See also:surface of the planet lies between the extreme limits just defined, the rate varying widely with the conditions . The general tendency will be towards a
See also:condition in which the temperature at the
See also:base of the atmosphere is higher than the normal, while in the upper regions it is lower . The temperature of the surface of the planet on which the atmosphere rests is determined partly by the sun's radiation and partly by the temperature of the air . What we should generally expect in the absence of any selective absorption by the air is that the temperature of the lower air would be higher every
See also:part of it is equally exposed to the suns rays by a rapid than that of the material surface on which it rests . But this ; revolution . As has already been intimated, the actual temperature condition might be reversed by the effect of such absorption may also depend upon the interior heat of the planet, which is an in either the air or the material of the planet. unknown quantity .
(S . N.) Planet . Mean Distance from Sun . Eccentricity g LonitudeLongitude Inclina-
See also:Period of Mean Daily MeanLon g-j of Orbit. of
See also:Pen- of
See also:Node. tion . Revolution . Motion. itude 1910, Astronomical Thousands Units. of
See also:Miles . helion . Jan. o . Mercury . 0.3870987 36,000 0.205614 75° 54' 47° 9' 7° 0' Days . 4°'0927 3° 32' 87.969256 ' Venus 0.7233315 i 67,269 0.006821 130° 10' 75° 47' 3° 24' 224.700798 10.6021 73° 53' Earth . . 1.0000000 92,998 0.016751 101 ° 13' - - 365.256360 0°.9856 99° 17' Mars .
. . 1.523688 141,701 0.093309 334° 13' 48° 47' 1° 51' 686.979702 00.52403 47° 39' Jupiter . . 5.202804 483,853 0.048254 12° 36' 99° 37' I° 19' 4332'5879 0°•083091 181° 43' Saturn 9.538844 887,098 0.056061 90° 49' 113°3' 2° 30' 10759.2010 0°.033460 28° 56' Uranus . . 19.19096 1,784,732 0.047044 169° 3' 73° 29' o° 46' 30586.29 00.011770 286° 42' Neptune 30.07067 2,796,528 0.008533 43° 45' 130° 41' 1° 47' 60187.65 0°'006020 107° 1' Planet . Angular Semidiameter . AtDiameter Reciprocal of
See also:Density . Gravity at Orbital Normal Mass . Surface . Velocity . Temperature .
See also:Equatorial . Polar .
Dist. in Miles . (Q's mass =1) (
See also:water =1) (®- ,) (®=1) Milespersec . Centigrade . Mercury 3.30" 3.30" I 2,976 10,000,000 3.5 .633 0.24 29.76 195° Venus . . 8.46" 8.46" I 7,629 408,000 5.05 •913 o•88o 21.77 70° Earth . . 8.79" 8.76" I 7,917 333,430 5.53 I.000 1.00 18.52 19° Mars 4'80" 4'76" I 4,316 3,093,500 3.68 •666 0.363 15.00 - 36° Jupiter 18.75" 17.65" 5.203 86,259 1,047.35 1.363 '247 2.68 8.12 -144° Saturn 8.75" 7.88" 9'539 72,772 3,500 0.678 •123 I.13 6•oo - 177° Uranus 1.90" 1'90" 19.19 32,879 22,869 1.13 .204 0.85 4.24 -205° ~ LNeptune 1.1o" I.10" 30'07 29,827 19,314 1.79 •322 1.22 3.40 -218° ment . Something of this sort has been suspected in the case of Jupiter, which has several points of resemblance to the sun . The planets Uranus and Neptune which, but for their atmospheres, would approximate to the absolute zero in temperature, may be prevented from doing so by the dense atmosphere which the spectroscope shows around them . A very elaborate investigation of the probable mean temperatures of the surfaces of the several planets has been made by J . H . Poynting, Phil . Trans .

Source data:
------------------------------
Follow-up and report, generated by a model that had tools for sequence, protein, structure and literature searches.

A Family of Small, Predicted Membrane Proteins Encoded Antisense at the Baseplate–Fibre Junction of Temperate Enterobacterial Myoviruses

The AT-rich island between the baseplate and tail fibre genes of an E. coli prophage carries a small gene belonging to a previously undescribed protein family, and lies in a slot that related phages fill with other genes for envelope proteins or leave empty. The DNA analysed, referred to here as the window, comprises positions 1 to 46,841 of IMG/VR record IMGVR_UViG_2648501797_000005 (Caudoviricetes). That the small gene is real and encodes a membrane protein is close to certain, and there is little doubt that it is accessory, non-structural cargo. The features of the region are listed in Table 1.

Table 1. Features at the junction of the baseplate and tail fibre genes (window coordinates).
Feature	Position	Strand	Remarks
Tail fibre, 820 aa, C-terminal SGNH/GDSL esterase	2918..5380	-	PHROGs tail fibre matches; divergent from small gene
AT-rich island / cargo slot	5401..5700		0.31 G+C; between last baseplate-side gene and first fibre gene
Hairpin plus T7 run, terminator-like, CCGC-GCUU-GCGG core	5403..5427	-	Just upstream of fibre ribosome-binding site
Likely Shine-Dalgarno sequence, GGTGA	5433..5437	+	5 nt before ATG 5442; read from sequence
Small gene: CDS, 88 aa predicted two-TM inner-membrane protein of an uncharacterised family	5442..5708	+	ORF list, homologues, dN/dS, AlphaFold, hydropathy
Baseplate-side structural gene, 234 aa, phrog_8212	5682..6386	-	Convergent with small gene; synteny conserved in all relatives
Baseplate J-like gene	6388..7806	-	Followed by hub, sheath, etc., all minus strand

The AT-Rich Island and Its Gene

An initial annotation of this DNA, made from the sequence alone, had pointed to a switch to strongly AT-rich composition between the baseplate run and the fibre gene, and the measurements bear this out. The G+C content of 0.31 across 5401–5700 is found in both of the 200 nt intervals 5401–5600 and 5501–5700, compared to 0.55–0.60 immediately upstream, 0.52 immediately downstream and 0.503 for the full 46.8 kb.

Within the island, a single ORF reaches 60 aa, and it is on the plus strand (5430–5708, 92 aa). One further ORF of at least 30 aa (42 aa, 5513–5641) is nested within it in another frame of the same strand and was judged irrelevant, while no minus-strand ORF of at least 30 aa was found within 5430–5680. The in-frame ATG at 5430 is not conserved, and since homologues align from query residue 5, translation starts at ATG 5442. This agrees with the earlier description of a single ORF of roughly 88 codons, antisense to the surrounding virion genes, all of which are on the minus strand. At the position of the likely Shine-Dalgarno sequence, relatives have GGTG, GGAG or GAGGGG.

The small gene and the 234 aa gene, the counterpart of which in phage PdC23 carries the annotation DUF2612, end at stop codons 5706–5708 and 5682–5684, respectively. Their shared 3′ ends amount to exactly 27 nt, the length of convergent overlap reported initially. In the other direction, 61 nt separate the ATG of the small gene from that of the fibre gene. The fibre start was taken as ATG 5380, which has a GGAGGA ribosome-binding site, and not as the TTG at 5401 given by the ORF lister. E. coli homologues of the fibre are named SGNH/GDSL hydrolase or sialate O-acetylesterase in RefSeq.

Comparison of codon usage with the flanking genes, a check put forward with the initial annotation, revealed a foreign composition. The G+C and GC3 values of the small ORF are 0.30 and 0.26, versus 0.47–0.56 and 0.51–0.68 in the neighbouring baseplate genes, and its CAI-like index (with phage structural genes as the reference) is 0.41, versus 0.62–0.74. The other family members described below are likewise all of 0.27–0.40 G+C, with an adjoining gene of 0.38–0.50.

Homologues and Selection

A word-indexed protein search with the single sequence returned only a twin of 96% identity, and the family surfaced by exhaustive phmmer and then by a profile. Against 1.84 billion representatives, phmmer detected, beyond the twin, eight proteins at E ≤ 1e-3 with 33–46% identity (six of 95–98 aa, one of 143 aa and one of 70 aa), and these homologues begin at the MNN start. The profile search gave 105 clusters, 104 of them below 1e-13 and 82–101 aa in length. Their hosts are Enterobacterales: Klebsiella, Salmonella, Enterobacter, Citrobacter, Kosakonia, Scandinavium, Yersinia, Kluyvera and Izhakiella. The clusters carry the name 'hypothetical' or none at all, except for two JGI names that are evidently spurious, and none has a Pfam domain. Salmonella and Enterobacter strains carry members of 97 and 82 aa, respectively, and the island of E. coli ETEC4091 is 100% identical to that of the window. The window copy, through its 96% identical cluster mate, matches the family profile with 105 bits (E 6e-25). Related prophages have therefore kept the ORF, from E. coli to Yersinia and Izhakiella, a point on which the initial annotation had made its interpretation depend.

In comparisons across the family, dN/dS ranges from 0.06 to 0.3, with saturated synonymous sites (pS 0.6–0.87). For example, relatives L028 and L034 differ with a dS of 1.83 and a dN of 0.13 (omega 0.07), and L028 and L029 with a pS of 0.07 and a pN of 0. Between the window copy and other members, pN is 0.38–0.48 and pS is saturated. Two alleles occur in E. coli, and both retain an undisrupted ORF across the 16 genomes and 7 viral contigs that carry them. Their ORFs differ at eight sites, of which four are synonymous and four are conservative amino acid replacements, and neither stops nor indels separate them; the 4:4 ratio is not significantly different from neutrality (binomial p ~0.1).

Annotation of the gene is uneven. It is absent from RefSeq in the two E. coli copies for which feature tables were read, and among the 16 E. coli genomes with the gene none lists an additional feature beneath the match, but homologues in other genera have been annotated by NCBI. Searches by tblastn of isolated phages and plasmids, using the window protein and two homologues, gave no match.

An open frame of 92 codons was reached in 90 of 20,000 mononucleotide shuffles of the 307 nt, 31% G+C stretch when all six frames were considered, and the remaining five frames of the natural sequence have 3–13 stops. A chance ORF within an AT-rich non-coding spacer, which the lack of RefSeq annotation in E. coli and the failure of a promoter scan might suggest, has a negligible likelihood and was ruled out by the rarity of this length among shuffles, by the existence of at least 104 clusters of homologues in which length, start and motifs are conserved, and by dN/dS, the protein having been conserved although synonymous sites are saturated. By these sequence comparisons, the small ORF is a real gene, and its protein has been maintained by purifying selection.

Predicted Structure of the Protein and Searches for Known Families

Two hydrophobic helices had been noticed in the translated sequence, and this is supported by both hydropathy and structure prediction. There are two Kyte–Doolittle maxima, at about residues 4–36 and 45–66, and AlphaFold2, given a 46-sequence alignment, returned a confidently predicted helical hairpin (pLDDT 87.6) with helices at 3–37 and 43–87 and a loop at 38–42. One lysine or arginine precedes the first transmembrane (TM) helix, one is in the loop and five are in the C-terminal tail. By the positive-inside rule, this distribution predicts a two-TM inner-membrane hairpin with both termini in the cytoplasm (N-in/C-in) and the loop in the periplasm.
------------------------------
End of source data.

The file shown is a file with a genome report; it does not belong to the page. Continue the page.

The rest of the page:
(vol . 202A, 1904) . Tables of Planetary Elements and Constants . Table I. gives the elements determining the motions of each major planet, and Table II. certainnumbers pertaining to its physical condition . For explanation of terms used see ORBIT . The elements are given for the epoch 1900, Jan. o,
See also:Greenwich mean time, except the mean longitudes, which are for 1910, Jan. o . In interpreting or using the numbers it must be remembered that only the mean distances and mean daily motions can be regarded as well determined and invariable quantities . The other elements are subject to a secular variation, and all vary more or less from the
See also:action of the planets . In Table II. the reciprocal of the mass is given, the mass of the sun being unity . Some of these and other quantities are extremely uncertain . This is especially the case with the mass of Mercury, which the astronomical tables put at 1/6,000,000 that of the sun, while G . W .
See also:Hill has computed from an estimate of the probable density of the planet that it is probably less than 1/11,000,000 . In the table we assume the round number 1/10,000,000 . The volumes are derived from micro-metric
See also:measures of the diameters, which are more or less uncertain . From these and the mass follows the density of each planet . From this again is derived the intensity of gravity at the surface; this is also frequently uncertain . Finally the normal temperature is that which a black or neutrally coloured body would assume when It would follow from these laws that the temperature of the superior planets diminishes rapidly with distance from the sun, and must therefore be far below that of the earth, unless they are surrounded by atmospheres of such height and density as to be practically opaque to the rays of heat, or unless they have no solid crust . The resemblance of the spectra of Mars, Jupiter and Saturn to that of the sun leads to the conclusion that the atmospheres of these planets are transparent down to the reflecting surface of the body .